“If you wish to become significantly better at something, you can.” – K. Anders Ericsson
A Road Map to the Development of Expertise
An excerpt from How To Become The Best at Anything, Introduction
What the Book is About
“This book is for anyone who wants to get really good at something or even become one of the best at anything. It’s about how to develop expertise in any area or domain: the conditions that have to be met, the steps you have to take, the things you have to do, and what to expect on your path to becoming an expert.
The path it takes to become one of the best is very similar to becoming very good at something. The differences between becoming one of the best and becoming very good at something are:
• The goals,
• The amount of time and resources you are willing to put in,
• And what you are willing to give up.
The book covers the importance of passion and interest, talent, limitations, access, goals, plans, coaches, deliberate practice, and persistence, in everyday language. Academic theories are presented in a simplified, generalized form that applies to almost all areas or domains.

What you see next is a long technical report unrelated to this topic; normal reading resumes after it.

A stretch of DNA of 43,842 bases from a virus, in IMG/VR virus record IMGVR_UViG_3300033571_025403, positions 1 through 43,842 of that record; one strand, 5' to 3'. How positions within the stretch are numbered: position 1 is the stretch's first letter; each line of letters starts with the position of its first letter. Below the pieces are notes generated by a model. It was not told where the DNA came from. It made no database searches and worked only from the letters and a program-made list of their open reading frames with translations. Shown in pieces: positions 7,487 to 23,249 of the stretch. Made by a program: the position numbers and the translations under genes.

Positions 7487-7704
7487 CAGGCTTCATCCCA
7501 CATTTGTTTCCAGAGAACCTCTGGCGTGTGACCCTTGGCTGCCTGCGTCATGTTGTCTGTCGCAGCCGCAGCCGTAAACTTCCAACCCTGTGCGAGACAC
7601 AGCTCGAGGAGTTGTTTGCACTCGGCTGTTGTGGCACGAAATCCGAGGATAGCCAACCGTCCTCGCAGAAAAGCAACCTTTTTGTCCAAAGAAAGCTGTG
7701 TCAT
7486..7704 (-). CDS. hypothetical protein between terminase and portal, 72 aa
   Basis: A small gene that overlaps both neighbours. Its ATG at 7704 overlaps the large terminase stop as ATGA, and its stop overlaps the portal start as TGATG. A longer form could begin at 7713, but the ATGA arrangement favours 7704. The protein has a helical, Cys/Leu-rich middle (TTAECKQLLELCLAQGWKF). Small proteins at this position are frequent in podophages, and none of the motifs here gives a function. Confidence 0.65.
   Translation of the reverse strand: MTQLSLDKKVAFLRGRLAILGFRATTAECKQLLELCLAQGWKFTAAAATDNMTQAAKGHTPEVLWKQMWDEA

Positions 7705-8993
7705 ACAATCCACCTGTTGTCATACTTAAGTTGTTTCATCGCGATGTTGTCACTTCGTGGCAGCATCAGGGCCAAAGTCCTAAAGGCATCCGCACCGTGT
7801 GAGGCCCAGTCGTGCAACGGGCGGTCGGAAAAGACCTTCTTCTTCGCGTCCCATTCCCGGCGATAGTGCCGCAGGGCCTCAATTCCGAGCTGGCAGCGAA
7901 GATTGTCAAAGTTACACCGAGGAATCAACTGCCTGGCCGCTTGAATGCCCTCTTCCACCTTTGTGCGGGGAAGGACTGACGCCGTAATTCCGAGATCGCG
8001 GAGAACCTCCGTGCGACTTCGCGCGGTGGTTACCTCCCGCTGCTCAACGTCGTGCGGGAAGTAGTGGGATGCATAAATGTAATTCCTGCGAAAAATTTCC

I do use one academic word throughout the book, the word domain. Domain, as used in this book, refers to a specific sphere, area, or knowledge. Some examples are the domain of baseball, the domain of technology, and the domain of math.”
Will this work for me?
“The short answer, yes, it will work for you. The process of the development of expertise presented in this book applies to almost all areas or domains and people. But (there always seems to be a “but”) there are conditions that must be met in order to attain a very high level of expertise.
That being said, there will always be exceptions to everything. You may take longer; you may become an expert in a shorter amount of time (depending on the area or domain). You may do everything that is presented in this book and still not become the best. It depends on you and how you apply what is presented in this book. Chance and luck will also play a part.
In my research and experience, I have not come across anyone considered to be one of the best who has not met all of the conditions presented in this book. But there will be exceptions. In large populations there will always be statistical outliers.”